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H&M Coughs Up $36 Million in New York Crackdown

H&M will pay $36 million to settle allegations it unlawfully kept millions of dollars from unused gift cards, New York Attorney General Letitia James announced Thursday.

The fast-fashion retailer will pay more than $28 million to the state of New York, of which more than $18 million will go to its Abandoned Property Fund for unredeemed balances on H&M gift cards sold before 2015. William French, the whistleblower who originally filed the action against H&M, will receive $7.74 million.

New York law requires gift card issuers turn over unused balances to the state’s Abandoned Property Fund after five years of inactivity. James’ office claims H&M knew this and concealed its failure to comply with the law.

“My office has zero tolerance for companies that disregard the law and line their pockets with money that belongs to hardworking people,” James said in a statement. “For years, ​not only did H&M illegally keep unused gift card money that ​customers paid for, ​but they then lied about it to the state. Violating the law is not trendy or tolerable, and today H&M will pay millions of dollars for its wrongdoing.”

According to the state of New York, H&M entered into a contract with an Ohio company in 2008 to “make it appear” this other business was the issuer of the retailer’s gift cards. H&M knew this company did not actually sell or distribute gift cards, the state said. Furthermore, it allegedly told H&M that the fashion company would “always manage … the cash proceeds from gift card sales.”

Though the contract appeared to deem this outside company the issuer of its gift cards, H&M retained “total control” over the manufacturing and sale of its gift cards, the money from the sale of gift cards continued to be deposited in H&M’s accounts and its gift card redemption practices “did not change at all,” the state argued.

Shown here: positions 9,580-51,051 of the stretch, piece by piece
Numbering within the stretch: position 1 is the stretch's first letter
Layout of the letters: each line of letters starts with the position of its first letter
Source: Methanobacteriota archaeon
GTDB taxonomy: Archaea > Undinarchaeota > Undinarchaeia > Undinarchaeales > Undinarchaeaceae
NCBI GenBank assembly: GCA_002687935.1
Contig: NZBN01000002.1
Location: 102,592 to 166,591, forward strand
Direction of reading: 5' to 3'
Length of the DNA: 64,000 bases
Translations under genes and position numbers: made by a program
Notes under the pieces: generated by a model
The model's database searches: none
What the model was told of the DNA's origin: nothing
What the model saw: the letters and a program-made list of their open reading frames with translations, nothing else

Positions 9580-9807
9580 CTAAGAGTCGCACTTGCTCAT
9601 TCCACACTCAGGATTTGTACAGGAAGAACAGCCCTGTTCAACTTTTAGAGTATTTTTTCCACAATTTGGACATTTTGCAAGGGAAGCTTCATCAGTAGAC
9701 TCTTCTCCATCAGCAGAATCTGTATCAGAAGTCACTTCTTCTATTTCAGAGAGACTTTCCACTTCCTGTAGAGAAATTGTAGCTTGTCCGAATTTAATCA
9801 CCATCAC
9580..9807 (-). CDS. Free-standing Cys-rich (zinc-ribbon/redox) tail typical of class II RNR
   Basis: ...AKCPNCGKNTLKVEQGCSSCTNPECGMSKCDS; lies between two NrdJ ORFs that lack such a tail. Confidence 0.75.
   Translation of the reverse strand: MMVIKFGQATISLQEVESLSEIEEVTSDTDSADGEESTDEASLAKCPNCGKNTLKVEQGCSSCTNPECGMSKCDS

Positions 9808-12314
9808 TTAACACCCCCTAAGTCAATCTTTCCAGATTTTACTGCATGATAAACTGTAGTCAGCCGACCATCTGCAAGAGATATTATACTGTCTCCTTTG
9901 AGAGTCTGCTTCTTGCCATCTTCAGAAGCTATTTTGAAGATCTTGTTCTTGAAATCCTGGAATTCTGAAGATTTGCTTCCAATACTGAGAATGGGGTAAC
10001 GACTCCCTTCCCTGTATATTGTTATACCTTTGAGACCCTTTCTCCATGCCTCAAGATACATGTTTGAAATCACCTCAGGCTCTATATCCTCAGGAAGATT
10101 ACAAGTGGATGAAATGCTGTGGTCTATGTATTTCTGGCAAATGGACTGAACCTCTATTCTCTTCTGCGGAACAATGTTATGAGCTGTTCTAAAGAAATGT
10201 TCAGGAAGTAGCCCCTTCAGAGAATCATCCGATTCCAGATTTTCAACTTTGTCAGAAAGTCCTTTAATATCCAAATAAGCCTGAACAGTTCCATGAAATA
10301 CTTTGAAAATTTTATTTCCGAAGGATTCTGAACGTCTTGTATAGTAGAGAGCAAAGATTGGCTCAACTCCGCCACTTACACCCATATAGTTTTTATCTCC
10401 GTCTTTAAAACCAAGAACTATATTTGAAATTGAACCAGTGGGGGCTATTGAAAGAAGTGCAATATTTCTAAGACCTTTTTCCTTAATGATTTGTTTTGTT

The attorney general also accused H&M of lying on multiple occasions, including falsely claiming in May and November 2011 that its gift card liabilities had been transferred to another company.

H&M neither admitted nor denied these allegations, according to the settlement it signed.

“While we disagree with many of the characterizations concerning our alleged conduct, H&M cooperated with the New York State Office of the Attorney General during the course of its investigation and has agreed to resolve this matter,” the company said in a statement. “All funds received from gift card sales have always belonged to our customers for their personal use. No H&M customer gift cards have or will be impacted by this settlement, as H&M has and will continue to offer gift cards without expiration dates.”

The Office of the Attorney General opened its investigation into H&M after French filed a lawsuit under New York’s False Claims Act in 2016. The law allows individuals to file civil actions on behalf of the government and share in any recovery.

French previously filed a similar action in Delaware in 2013 against the Ohio corporation CardFact and Card Compliant, a competing gift card services business that bought CardFact in 2009. French used to work at both companies. The action also named more than two dozen corporations—including Skechers, Ralph Lauren and Wolverine World Wide—alleging they failed to turn over unredeemed gift card balances.

The court dismissed claims against some of these defendants, including Ralph Lauren, which had already been the subject of an audit from the state of Delaware that included gift cards. Others settled out of court. Only one company, Overstock.com, went to court. The e-tailer initially lost at trial, but an appeals court reversed the decision.

H&M backs carbon-capturing aprons

Meanwhile, in H&M’s hometown Stockholm, a restaurant crew has begun testing out cotton aprons that supposedly capture carbon dioxide from the air, Reuters reported Friday.

The pilot utilizes a technique developed by H&M collaborator, the Hong Kong Research Institute of Textiles and Apparel (HKRITA). According to Reuters, the team developed an amine-containing solution for treating cotton that can attract carbon dioxide gas and capture it on the surface of the textile. After use, the aprons are heated to 30-40 degrees Celsius (86-104 degrees Fahrenheit), at which point they release the carbon dioxide as gas into a greenhouse.

HKRITA CEO Edwin Keh told Reuters that though the capturing capacity of treated apparel “isn’t super high,” it is “quite inexpensive” and “quite easy” to produce. The aprons were produced at an H&M supplier in Indonesia with the factory’s existing equipment, Keh added.

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